It’s always a treat to have dinner at Mozza in any of its various incarnations on the corner of Highland and Melrose – be it the Pizzeria for lunch with the kids, a girls’ night out dinner at the Amaro Bar at the Osteria, or a pizza class at Scuola di Pizza – or treat above all treats Mozza 2 Go in front of the fire at home whilst watching a really great movie. However, the treat that beats all of these is having dinner there hosted by Joe Bastianich and Nancy Silverton, the two of them up close and personal and in the house!
I am lucky to be able to count Joe as a friend, we have shared some really fun times together, usually in the form of some sort of road trip: A ‘pub crawl’ in his grease fueled truck to his many establishments in New York, with bubbles rather than the usual pint of beer at each stop. Or the time I drove him down to his audition for Masterchef (he texted to ask what pizza I’d like for the ride – nice!), in a torrential rain storm when we laughed about living an episode from Entourage and since I was the driver that qualified me as Turtle. Once he insisted on collecting me from JFK in the freezing cold and then whisked me into the city for Champagne at Babbo. Along the way we have shared food, vino and laughs – and have a surprisingly high score of some appalling lunches and dinners together but that’s another story and for the sake of kindness probably best never discussed. Back to the pig…
What I love about dining in the Scuola di Pizza is being right next to where the food is being cooked. You literally eat in the kitchen as Nancy, Chad, Daliah and their trusted crew cook and plate the next course at the stoves behind the black marble counter. If you haven’t yet booked a class or family dinner – be it pizza, butchery, pork or desserts you really should.
The Feast of the Pig is a tradition from Italy, in particular the area known as Friuli north of Venice, where Joe’s family are from. Joe explained that the pig is killed in the morning and the day is spent making dishes from each part – nothing is wasted – a tale of snout to tail that stretches back over centuries. I didn’t want to think about piggies eyelids going into the sausages – this is how we always referred to sausages growing up. Sometimes it’s best not to dwell too much on what you are eating and just enjoy the flavors. I was sitting next to Krissy Lefebvre (Ludo was sick and couldn’t make it) and she was adamant that her sausage looked better than mine! Do guys have these conversations?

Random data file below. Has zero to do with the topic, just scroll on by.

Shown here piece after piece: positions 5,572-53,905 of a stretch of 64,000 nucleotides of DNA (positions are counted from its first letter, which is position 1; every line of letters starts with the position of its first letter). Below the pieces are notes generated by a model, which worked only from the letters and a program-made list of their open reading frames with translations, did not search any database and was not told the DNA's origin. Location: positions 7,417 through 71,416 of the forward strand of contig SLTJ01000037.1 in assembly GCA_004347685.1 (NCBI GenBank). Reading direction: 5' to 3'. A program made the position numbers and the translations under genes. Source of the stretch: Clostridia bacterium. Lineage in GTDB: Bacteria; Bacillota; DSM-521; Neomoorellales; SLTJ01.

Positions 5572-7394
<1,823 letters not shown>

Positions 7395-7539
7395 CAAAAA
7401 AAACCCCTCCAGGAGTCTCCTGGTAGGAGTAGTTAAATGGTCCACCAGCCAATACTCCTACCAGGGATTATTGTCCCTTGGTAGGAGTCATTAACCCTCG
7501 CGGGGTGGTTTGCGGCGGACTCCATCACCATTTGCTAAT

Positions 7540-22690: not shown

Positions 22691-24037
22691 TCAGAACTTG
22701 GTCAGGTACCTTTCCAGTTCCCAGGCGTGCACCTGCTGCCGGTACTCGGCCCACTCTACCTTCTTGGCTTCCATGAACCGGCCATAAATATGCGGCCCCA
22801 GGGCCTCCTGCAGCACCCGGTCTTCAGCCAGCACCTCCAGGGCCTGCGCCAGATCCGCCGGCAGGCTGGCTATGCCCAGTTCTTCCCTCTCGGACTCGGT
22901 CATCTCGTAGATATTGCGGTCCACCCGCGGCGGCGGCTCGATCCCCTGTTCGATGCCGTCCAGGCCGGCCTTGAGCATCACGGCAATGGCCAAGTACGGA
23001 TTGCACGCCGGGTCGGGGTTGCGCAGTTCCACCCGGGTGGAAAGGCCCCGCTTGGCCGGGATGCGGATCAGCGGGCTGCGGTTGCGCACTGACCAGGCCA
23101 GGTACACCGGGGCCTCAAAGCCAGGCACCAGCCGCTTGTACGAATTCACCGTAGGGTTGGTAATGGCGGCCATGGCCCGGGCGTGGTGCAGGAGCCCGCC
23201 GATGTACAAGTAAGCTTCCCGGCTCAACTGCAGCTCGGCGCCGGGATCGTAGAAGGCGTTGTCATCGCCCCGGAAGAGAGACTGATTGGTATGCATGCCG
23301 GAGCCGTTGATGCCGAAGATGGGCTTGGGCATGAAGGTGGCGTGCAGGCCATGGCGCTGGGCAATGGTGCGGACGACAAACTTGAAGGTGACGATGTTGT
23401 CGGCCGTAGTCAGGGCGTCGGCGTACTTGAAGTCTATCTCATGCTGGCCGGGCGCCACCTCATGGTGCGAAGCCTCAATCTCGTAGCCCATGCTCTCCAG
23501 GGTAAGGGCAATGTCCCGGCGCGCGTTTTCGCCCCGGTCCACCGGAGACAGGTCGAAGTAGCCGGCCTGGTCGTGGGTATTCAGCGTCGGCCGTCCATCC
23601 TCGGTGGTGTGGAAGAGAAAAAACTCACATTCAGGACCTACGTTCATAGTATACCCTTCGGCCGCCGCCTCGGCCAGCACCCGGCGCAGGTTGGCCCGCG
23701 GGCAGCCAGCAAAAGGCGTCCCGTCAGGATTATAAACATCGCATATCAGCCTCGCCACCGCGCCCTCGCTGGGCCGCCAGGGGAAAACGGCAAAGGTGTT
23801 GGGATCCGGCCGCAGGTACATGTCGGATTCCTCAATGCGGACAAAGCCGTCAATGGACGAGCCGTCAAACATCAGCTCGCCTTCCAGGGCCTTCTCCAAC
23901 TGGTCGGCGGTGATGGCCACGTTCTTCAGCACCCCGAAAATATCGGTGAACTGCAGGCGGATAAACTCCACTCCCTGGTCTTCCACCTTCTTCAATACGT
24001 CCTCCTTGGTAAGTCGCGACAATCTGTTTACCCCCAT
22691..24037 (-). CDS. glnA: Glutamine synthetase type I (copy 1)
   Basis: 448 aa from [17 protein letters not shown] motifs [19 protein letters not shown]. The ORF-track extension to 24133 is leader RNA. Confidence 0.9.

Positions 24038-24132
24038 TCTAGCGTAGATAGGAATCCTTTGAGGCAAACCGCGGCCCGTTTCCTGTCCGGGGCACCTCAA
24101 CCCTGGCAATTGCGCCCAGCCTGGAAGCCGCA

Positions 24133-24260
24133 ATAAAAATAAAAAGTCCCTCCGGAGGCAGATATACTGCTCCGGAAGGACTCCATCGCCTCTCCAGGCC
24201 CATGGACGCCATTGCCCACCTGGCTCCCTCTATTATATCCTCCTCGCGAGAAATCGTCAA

Joe paired wines that he makes in the Friuli region with the multi-course dinner that Chef Chad Colby had prepared from a single pig. Not surprisingly there was a lot of pork – salumi, sausage, soup, ham, roast loin, a giant pork pie – each dish more delicious than the previous course. At the end of the evening Chad proudly showed me the salami curing made from Gloucester Old Spots [we raised two on the farm in Devon when I was a child – named Princess Mary and Princess Elizabeth – or some such royal name that can now be found starring in The King’s Speech!] I’m still campaigning with hubby to let me keep Mangalitsa’s up here in the Hollywood Hills for bacon and pork chops and Remy’s already decided they are going to be called Pinky and Perky.
Even chefs like to snap a pic of their handy work in the moments between the stove and the plate.
I really wish I could have eaten more food because when dessert came I was full to bursting – the golden pancakes pushed me over the edge and I knew I’d reached my limit! That’s until I noticed the blood orange sorbetto – but then as an exboyfriend always insisted on saying, there’s ALWAYS room for ice-cream.
Part of our evening’s entertainment was having Joe tell us about his mother’s soup and how Chad had managed to recreate something as good as anything Lidia had ever made – a Proustian moment Chad should be proud of because Joe came back to the soup story later in the evening. He also mentioned in passing the award winning wines he and his mother are making in this region of Italy. Joe explained how the Friulano is an indigenous grape variety to the region of Friuli. If I’m not drinking bubbles – the Flor has been a go to prosecco during the holiday period – mainly because I like the bottle, then I’m a big fan of the Vespa Bianco – all I know is that it paired really well with the pork and most importantly didn’t give me a headache.
Our going home present was a signed copy of Joe’s new book Grandi Vini: An opinionated tour of Italy’s 89 finest wines. I’m looking forward to exploring this ancient bevarage – vino – in more detail through Joe’s dry wit with it’s lingering clean finish and because it gives me reason to open a few more bottles – tasting anyone?